Master of Laws in Criminal Justice in Frankfurt (Oder) in Germany

View LLM Programs in Criminal Justice 2017 in Frankfurt (Oder) in Germany

Criminal Justice

LL.M. programs vary in length, value and quantity. The regular program is one year of full-time article or two to three years of part-time study. Students often take their courses to either specialize in a particular field, such as international law, or create a custom course of study to suit their personal interests or professional needs.

LLM Criminology is designed to provide you a comprehensive understanding of human rights law. After the completion of LLM in criminology, you would be able to determine a depth knowledge of basic law and theory related to criminology.

Germany, officially the Federal Republic of Germany, is a federal parliamentary republic in western-central Europe. The country consists of 16 states, and its capital and largest city is Berlin.

Located along the Oder River in Brandenburg is Flensburg. The name is commonly reference with the river hence the town is called Flensburg (Oder) to identify is from Frankfurt am main. The town is home to over 50,000 residents.

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LLM - Master of International Human Rights and Humanitarian Law

European University Viadrina in Frankfurt (ODER) - Faculty of Law
Campus Full time Part time 3 semesters October 2017 Germany Frankfurt (Oder) + 1 more

The Master’s program prepares graduates for taking up career opportunities in policy making, international, public and governmental service, public and private legal practice, work for non-governmental organisations, and academic teaching and research. [+]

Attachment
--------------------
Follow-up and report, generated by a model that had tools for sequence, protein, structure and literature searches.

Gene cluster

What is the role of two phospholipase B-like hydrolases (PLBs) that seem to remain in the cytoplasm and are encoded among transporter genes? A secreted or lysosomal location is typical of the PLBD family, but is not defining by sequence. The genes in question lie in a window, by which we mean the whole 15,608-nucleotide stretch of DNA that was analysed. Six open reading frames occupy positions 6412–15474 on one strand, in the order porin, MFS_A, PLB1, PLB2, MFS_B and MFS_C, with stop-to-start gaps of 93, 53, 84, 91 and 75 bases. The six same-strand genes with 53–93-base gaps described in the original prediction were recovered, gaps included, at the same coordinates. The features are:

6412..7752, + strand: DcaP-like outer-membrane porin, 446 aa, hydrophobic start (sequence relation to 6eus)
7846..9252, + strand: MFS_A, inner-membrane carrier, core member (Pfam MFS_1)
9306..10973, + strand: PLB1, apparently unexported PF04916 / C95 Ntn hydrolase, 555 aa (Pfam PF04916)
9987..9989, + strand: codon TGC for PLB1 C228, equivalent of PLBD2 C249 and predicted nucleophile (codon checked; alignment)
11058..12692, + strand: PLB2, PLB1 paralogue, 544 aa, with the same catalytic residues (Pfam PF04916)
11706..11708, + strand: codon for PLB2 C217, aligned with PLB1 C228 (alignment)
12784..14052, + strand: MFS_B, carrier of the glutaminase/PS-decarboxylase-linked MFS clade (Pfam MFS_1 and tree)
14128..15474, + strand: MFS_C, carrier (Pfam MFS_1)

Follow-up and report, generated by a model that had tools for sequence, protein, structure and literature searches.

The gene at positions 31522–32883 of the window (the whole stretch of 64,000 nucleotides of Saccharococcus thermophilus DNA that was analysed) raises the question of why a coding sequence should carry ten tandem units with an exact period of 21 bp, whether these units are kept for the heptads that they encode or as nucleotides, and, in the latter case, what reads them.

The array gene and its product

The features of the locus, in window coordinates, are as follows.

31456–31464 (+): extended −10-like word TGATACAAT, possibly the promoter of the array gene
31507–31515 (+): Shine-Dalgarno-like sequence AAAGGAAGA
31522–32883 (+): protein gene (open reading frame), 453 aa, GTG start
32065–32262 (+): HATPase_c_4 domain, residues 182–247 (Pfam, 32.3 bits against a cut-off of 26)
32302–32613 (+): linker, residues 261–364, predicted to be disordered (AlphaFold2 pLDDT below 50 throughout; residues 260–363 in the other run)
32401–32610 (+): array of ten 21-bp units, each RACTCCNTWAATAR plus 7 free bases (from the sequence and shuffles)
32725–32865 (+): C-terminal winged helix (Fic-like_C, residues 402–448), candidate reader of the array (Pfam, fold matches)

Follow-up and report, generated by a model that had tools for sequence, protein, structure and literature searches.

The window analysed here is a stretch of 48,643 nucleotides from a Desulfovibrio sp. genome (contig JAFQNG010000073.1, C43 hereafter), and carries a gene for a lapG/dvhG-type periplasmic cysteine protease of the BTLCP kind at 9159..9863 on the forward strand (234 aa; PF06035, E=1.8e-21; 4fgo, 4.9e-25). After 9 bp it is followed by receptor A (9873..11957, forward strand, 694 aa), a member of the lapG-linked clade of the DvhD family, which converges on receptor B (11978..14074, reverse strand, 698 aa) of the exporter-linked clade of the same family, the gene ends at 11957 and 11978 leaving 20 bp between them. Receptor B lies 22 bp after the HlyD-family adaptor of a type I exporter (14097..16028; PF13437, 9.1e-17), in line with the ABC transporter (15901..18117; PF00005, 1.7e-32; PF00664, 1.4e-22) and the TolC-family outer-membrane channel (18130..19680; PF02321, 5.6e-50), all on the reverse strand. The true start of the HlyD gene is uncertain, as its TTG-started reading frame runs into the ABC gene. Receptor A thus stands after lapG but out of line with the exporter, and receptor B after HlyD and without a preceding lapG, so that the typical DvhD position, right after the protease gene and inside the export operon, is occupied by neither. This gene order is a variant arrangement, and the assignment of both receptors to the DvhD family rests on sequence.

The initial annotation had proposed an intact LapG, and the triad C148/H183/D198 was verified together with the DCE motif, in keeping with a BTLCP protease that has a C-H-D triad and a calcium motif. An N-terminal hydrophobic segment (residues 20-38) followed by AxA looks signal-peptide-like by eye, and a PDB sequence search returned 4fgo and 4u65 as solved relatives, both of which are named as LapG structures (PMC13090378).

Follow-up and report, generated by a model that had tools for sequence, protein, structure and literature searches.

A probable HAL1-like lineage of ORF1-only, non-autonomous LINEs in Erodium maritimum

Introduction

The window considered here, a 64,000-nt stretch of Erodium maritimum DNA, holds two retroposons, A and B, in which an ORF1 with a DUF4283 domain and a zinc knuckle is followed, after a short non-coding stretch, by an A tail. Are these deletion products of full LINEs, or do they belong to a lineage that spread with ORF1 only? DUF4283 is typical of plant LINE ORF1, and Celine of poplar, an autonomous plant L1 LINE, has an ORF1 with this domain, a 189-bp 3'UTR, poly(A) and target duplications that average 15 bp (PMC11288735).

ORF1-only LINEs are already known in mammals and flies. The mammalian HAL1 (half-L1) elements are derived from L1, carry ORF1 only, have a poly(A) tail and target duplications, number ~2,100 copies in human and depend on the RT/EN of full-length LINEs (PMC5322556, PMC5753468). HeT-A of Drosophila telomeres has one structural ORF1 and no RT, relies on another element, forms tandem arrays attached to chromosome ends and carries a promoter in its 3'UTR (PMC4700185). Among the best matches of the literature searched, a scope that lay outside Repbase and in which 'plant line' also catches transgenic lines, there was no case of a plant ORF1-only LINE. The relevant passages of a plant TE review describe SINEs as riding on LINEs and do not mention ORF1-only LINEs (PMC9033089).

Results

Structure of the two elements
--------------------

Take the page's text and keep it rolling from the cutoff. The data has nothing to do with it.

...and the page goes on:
LLMs in Criminal Justice in Frankfurt (Oder) in Germany. This postgraduate program provides advanced study of the international protection of fundamental human rights. The curriculum integrates general human rights protection in times of peace and war with the special protection of basic rights in situations of armed conflict (under international humanitarian law). Such an approach is especially important as the boundary between war and peace becomes increasingly blurred. Such a blurring of the boundary is the result from many different circumstances including: the rise of terrorism, the diversity in its cause and nature and wide scope of possible reactions to it; the often unclear boundary between situations of civil war, external aggression, guerrilla action and even domestic policing; the reliance on both official (Security Council-sanctioned) and unofficial (sometimes invited) peace-keeping forces in a broad range of conflict situations. Confusion in drawing a clear line may even emerge from humanitarian military intervention in the name of the defence of human rights itself. Responses to various forms of civil unrest (often itself provoked by alleged breaches of human rights) or states of emergency (whether of political or natural origin) including, for example, the establishment of a state of martial law, or merely reliance upon domestic or even foreign military forces to assert control or provide assistance expands the range of situations which are difficult to categorise. Beyond this, national intelligence services may conduct operations (whether at home or abroad) with (quasi-)military character but which formally, not invoke the regulatory framework of humanitarian... [-]